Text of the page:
Hattiesburg Code Enforcement is moving forward with over a dozen properties the city deemed "unsafe" and "unhealthy" for the community.
In a public hearing on June 5th, the 17 properties were deemed a menace to the community, with City Council giving Code Enforcement the ability to continue the process of cleaning up or clearing the properties in violation.
Of the 17 properties, violations included vacant spaces, overgrown lots, dangerous structures and open storage. Code Enforcement Division Manager Mark Jordan said most of properties were abandoned homes.
"Our primary role is to protect residential property values, keep neighborhood safe, and help residents understand there are certain rights they have as a private property owner," said Jordan. "But, the city, the municipality also has to look out as a whole."
The 17 structures were located on Katie Avenue, Arnold Street, Dabb Street, Harrell Street, Tuscan Avenue, Breland Street, Oak Street, Longstreet Drive, E 7th Street, E Laurel Avenue, Gravel Street, Golf Course Drive and Beverly Hills Road. Nine of those were recommended for demolition.
"Our goal is not to take out homes, but its to clear violations to get the property owners to understand the importance of maintaining their properties," said Jordan.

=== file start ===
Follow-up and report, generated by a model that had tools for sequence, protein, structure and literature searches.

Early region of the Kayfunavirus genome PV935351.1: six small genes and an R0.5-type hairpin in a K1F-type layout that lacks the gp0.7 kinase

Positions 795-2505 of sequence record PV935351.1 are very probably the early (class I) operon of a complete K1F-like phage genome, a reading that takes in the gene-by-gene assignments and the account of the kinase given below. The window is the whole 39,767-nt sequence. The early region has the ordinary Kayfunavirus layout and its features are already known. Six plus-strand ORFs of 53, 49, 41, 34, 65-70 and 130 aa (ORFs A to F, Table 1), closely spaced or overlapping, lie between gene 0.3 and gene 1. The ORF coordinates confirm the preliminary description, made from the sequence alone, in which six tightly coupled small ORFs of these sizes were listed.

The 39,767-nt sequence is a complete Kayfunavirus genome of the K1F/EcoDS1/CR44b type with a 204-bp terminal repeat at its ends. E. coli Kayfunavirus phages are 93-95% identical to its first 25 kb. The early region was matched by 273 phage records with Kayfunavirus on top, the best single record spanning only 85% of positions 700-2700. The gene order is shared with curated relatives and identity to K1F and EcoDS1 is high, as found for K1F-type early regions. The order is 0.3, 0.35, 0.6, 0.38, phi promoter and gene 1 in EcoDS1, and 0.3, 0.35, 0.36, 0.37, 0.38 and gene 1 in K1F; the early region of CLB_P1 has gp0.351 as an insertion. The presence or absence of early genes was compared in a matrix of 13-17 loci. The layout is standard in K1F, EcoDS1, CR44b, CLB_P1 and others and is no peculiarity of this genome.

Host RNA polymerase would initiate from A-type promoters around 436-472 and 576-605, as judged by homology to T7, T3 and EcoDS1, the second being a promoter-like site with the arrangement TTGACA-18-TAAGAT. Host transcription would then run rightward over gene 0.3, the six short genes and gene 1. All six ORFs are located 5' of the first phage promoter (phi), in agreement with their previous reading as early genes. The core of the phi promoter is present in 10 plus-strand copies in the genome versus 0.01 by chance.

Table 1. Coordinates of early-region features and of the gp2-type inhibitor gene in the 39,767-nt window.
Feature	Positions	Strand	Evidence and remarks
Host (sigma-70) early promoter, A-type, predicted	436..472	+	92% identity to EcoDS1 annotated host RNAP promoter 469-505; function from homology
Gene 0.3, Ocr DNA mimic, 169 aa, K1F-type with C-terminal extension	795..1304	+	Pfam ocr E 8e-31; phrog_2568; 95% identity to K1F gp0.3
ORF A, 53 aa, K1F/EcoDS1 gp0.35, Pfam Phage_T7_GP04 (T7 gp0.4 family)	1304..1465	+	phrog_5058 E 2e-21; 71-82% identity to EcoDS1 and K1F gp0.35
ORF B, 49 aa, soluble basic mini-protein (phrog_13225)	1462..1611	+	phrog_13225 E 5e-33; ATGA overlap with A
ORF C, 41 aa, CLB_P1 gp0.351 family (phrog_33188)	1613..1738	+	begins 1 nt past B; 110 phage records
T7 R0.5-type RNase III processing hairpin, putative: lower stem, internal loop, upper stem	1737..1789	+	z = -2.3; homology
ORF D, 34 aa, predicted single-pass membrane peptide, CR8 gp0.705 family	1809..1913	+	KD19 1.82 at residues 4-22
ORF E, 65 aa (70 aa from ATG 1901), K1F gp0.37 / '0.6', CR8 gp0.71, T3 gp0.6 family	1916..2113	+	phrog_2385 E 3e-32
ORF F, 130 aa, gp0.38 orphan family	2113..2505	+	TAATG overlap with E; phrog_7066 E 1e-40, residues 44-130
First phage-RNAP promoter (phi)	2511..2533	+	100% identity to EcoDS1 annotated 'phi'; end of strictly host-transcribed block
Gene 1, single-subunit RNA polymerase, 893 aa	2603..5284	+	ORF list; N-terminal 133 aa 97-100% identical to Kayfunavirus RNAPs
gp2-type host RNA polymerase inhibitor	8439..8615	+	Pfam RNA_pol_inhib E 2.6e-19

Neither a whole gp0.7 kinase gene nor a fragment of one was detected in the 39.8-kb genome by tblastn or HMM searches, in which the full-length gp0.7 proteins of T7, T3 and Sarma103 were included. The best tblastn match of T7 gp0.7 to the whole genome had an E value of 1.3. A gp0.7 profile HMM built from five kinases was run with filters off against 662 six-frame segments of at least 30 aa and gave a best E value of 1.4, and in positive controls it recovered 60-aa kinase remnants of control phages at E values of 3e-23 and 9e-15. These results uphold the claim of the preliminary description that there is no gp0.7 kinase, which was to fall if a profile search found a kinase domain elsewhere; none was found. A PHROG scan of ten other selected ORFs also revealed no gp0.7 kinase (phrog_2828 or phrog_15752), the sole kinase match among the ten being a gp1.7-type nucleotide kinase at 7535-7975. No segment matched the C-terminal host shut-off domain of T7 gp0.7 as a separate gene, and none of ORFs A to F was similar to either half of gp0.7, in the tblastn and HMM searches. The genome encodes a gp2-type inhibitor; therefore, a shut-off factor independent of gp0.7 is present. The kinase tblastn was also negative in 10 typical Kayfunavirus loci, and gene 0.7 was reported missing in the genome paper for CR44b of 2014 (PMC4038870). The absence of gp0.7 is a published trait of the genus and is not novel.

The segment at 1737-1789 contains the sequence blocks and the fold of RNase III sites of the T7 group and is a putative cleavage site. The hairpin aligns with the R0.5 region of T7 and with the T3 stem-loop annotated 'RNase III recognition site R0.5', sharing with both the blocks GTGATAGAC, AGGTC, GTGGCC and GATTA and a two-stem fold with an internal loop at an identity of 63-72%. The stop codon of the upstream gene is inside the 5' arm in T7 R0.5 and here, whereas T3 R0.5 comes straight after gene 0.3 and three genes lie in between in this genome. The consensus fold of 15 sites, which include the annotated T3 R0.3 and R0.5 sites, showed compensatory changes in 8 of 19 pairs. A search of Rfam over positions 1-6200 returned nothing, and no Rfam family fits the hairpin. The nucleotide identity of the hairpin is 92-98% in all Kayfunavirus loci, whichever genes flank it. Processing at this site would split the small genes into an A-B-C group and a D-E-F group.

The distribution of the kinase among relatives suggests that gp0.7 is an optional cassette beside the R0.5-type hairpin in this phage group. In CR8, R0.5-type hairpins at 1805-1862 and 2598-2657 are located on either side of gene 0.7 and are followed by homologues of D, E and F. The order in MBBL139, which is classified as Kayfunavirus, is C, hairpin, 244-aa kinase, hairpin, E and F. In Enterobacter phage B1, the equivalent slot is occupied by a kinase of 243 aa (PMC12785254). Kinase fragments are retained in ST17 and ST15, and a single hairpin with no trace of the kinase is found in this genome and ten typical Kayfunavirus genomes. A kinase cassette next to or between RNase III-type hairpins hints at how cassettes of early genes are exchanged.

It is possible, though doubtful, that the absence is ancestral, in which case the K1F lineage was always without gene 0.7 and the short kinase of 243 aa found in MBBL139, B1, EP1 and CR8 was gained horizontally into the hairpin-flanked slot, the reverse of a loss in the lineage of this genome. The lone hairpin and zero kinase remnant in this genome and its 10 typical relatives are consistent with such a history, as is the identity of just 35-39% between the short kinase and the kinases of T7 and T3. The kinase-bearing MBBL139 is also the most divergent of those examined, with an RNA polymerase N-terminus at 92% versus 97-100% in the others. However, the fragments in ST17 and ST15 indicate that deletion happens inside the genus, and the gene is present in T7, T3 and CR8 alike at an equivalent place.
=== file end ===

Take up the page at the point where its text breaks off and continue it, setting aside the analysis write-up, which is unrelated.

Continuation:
Jordan said the vacant or abandoned properties can play a big role in crime and residents safety.
"If you have a vacant structure, we know historically what that attracts is crime. So we try to help our local law enforcement by making sure those homeowners board those up to make sure illegal activities won't take safe," said Jordan. "Vagrancy is another problem our community faces with vacant structures. So safety for the citizens in that particular area is our number one concern."
The health of residents is also a concern. Jordan said the number one complaint they receive in the summer months is overgrown lots or open storage.
"We have snakes and that's how they travel, through the grass, ditches and your yard," said Jordan. "Snakes bring rodents and they are always looking for cover."
Jordan said the lots can also be a breeding ground for mosquitoes, especially with rain and area for the puddles to form.
In the city, grass is not supposed to be higher than six inches. Jordan said they are not out with a ruler, but have officers patrolling the neighborhoods. He said most of the complaints that lead to violations come from the public and those complaints remain anonymous.
Jordan said with any violation, they will start with a verbal notice. If necessary, that could move to a citation ranging from $100 to $600.
Right now, the city is promoting a "Good Neighbor Campaign," asking resident to not only keep their property maintained, but help any neighbors who may struggle with cleaning their yards.
"If you see your neighbor can't mow their grass or see the stuff piling up in the driveway, go to them and talk to them and maybe help them so we can help one another," said Jordan.